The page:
Tuesday, May 29, 2018

Color Test Strips

I've been meaning to do this for almost as long as I've been making woodblock prints.
Mokuhanga prints usually are made with transparent colors and the nature of printing from an imperfect surface (wood grain) onto another imperfect surface (paper fibers) with a handheld device (a baren) that allows a great deal of variability in the pressure obtained means that the final result is often not fully predictable.

I do know that whenever to color layers are printed--either the same or different colors, the result is almost always both denser and richer than that you can obtain by just increasing the pigment or mixing the colors in just one pass or impression.

Here are a few test strips made with a fairly simple model.
There's a single block with 5 squares and the block is printed with a color mixture made up of 50% pigment (from tube watercolors) and 50% rice paste. The entire block is printed once, and then with each following impression one less square is printed.
The end result is 5 separate squares each printed with the same color mixture but with a varying number of impressions. The first block was printed only once, the second twice, the third three times, etc.
The results show the buildup of pigment and overall tonal strength obtained by multiple impressions.
I could have gotten a much lighter 1st square by using even more dilute pigment and I could have gotten a much darker final square by adding additional pigment each time to increase the pigment load above 50%.

The next step is to do a color grid, showing the effects of overlapping the primary colors to obtain secondary and tertiary colors.

Sunday, May 13, 2018

MokuHanga a Firenze--June 9-10: Upcoming workshops.

My next small-group beginners' workshop for Japanese woodblock will be next month in Florence.
June 9-10, from 9:30am-6pm.  This class is targeted to Italian speakers but I'll be hosting another class later this summer specifically for English speakers if there is enough interest.

And remember, private classes for 1-2 people in English or Italian are possible and can be tailored to fit students goals and schedules and are suited to beginners who want to get a jump on the technique through one-on-one instruction as well as for advanced students (linoleum or oil-based) who want to to learn the Japanese method of printing but already have a good sense of carving techniques.
I'll post additional dates and venues as they become available.

Wednesday, May 9, 2018

A White-Line, Pink Lily

I wanted to have another go at a white line or Provincetown print. (I've done a couple already--my "Tree Farm at Night" from 2016, last year's Baren exchange print, "Apostrophetic",  and my afternoon experiment from last summer, "Sweet Tea".  I was very happy with how "Apostrophetic turned out, but wanted to try a simpler print to see if I can work on a version of this method that works for me.

It's an odd technique--using just one block and allows for lots of freedom for color application but as one print is produced at a time, it's more suitable for unique prints or very short runs.
Here is the one block after I transferred the image but before it was cut. 

This was a simple image, close-cropped to both allow the shapes to be bigger and easier to brush in with pigment and to allow for a little drama.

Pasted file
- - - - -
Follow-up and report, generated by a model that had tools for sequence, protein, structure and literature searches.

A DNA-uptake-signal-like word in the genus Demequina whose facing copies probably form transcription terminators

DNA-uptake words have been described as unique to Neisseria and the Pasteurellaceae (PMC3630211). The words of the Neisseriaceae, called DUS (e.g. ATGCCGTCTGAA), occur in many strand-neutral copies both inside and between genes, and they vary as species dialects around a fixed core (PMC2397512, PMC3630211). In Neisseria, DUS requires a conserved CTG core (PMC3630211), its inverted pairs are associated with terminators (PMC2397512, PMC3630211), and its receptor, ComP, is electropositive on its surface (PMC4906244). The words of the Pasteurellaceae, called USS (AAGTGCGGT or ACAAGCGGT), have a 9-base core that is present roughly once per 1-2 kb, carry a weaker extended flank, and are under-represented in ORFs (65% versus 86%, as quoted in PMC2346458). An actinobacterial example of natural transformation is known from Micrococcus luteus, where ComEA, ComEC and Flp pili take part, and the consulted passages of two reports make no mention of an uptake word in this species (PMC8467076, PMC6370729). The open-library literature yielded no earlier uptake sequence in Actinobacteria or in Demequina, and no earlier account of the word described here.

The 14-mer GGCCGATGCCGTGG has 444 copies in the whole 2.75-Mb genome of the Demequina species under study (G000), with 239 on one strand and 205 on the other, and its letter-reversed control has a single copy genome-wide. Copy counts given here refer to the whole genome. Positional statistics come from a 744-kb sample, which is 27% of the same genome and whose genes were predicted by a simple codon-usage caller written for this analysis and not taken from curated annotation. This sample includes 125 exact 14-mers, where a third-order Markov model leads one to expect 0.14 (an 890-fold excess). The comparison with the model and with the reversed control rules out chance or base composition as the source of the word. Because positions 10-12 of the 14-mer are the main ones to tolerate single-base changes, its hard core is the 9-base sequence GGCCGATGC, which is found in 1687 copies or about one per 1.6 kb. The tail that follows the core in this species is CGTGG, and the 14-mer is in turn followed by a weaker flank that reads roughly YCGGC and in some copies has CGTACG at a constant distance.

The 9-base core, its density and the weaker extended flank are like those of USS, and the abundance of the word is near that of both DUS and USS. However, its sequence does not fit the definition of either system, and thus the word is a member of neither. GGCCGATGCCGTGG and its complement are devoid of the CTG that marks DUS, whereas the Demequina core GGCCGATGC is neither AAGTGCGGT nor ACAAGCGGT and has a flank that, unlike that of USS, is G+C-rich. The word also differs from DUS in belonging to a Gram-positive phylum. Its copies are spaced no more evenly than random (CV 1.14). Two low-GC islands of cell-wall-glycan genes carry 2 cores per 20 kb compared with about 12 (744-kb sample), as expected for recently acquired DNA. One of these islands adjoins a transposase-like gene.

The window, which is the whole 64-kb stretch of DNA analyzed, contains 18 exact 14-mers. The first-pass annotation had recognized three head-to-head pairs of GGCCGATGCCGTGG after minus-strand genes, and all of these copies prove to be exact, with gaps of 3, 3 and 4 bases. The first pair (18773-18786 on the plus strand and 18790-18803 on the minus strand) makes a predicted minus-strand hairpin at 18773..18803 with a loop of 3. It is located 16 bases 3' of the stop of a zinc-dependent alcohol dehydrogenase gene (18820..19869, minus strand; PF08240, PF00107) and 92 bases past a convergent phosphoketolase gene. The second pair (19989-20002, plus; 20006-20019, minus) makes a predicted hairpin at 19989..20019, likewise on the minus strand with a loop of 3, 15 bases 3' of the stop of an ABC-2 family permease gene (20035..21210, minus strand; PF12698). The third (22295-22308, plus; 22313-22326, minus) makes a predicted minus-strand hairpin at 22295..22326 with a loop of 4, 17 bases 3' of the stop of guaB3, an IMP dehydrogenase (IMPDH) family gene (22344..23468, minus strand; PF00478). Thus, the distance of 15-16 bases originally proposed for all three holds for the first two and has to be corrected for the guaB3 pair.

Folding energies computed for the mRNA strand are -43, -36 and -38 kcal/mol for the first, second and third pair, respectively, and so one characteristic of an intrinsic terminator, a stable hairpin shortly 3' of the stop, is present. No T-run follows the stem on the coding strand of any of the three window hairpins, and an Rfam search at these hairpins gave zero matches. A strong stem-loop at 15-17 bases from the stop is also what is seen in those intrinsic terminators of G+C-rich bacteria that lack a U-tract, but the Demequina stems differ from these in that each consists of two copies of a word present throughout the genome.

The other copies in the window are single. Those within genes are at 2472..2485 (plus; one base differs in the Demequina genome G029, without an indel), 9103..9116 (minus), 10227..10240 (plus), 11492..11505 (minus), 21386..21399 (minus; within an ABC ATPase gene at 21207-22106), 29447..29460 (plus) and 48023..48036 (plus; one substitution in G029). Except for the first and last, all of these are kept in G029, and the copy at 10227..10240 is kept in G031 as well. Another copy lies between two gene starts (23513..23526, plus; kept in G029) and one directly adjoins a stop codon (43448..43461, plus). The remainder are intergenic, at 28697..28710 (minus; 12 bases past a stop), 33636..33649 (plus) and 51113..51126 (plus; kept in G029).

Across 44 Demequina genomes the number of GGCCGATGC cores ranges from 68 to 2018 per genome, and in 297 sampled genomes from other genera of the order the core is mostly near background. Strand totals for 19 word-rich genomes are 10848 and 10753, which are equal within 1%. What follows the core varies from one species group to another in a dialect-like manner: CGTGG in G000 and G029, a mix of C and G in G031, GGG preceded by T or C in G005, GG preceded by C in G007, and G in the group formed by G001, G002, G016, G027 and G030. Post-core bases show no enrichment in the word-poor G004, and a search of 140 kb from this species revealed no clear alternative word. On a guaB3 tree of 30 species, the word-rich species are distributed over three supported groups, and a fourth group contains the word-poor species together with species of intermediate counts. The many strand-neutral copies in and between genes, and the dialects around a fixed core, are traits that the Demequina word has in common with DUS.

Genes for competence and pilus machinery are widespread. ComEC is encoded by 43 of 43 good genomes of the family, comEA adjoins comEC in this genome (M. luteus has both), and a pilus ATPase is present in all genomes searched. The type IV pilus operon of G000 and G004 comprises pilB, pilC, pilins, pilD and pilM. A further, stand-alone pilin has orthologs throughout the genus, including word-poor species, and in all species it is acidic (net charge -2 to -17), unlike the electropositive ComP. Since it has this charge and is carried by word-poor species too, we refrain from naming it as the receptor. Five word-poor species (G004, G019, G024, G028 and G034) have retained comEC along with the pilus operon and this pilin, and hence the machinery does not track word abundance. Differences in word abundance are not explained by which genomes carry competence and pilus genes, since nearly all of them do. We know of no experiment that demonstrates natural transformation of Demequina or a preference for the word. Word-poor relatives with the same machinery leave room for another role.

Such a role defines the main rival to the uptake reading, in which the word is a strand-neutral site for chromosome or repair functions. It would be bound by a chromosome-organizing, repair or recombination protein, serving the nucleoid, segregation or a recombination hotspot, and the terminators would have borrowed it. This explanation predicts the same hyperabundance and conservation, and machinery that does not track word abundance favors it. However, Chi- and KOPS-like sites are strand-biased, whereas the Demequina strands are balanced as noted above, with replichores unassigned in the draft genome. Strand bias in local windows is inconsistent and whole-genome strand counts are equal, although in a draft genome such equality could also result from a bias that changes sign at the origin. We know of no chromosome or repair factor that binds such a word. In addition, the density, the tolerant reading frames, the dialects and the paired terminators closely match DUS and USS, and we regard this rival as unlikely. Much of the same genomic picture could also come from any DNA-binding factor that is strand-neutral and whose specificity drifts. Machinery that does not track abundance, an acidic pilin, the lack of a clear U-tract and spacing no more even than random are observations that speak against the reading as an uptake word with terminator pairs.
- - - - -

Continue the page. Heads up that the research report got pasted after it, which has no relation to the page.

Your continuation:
While a traditional white line is made by tacking the paper to the block, folding it back, and applying the color with a brush to a small area, flipping back the paper and printing that section and repeating this for each area and multiple times to build up stronger and more uniform color.

I've approached it more as a variant of traditional mokuhanga using dampened Japanese paper and a kento system of registration to set the paper down each time in the right spot.

Here's the first 4 prints I made from this block.
Number 1/8 on Okawara handmade-- a paper that I got originally from Hiromi paper in LA--but I've added additional dosa (sizing) to make it work for water based prints.  This is a Thai kozo-blend paper that is a little off white in color.  Encouraged I tried 3 more copies on different kinds of paper. These 3 all look different but this is due more to the different papers than changes in colors as these were each printed using the same pigments and similar color applications. The differing weights and fibers made for very different prints.

These three copies were all built up or printed semi-simultaneously. A few color layers on one, then I'd switch to a new sheet and built up the colors by adding pigment multiple times to each area.  There are at least 15 color applications to each of these prints.

#2/8 is on a very heavy, uneven-surface Fabriano watercolor paper. It was fairly heavily sized and was very difficult to print with a baren and only a little easier with a small doorknob. The "moth eaten" appearance is due to the uneven surface and lack of adequate pressure.

 No. 3/8 is on Gampi Torinoko, a beautiful handmade gampi paper no longer made but once available from McClains. This paper also has added size/dosa.

Detail of the copy on Gampi Torinoko, #3/8.

 It's a natural color paper and really lovely. It accentuated the embossing of the white lines and has a softer feel to the colors.

4/8, above, is on Hosho Professional, another paper from Awagami--(100% cellulose but with added sizing).
This one was done more loosely and with wetter pigment to better approximate a watercolor painting.
Unfortunately, the paper slipped during one color application (See the dark background parts for double printing) and there was a section that got muddied up by too many color layers so this is probably a reject.

I'll have another try before I retire this block. I want to try printing on DRY paper--using the traditional method--and also on unsized paper. Arches cover is supposed to be good, but I'll use one of my unsized or weakly sized Japanese papers to see how they print with this method.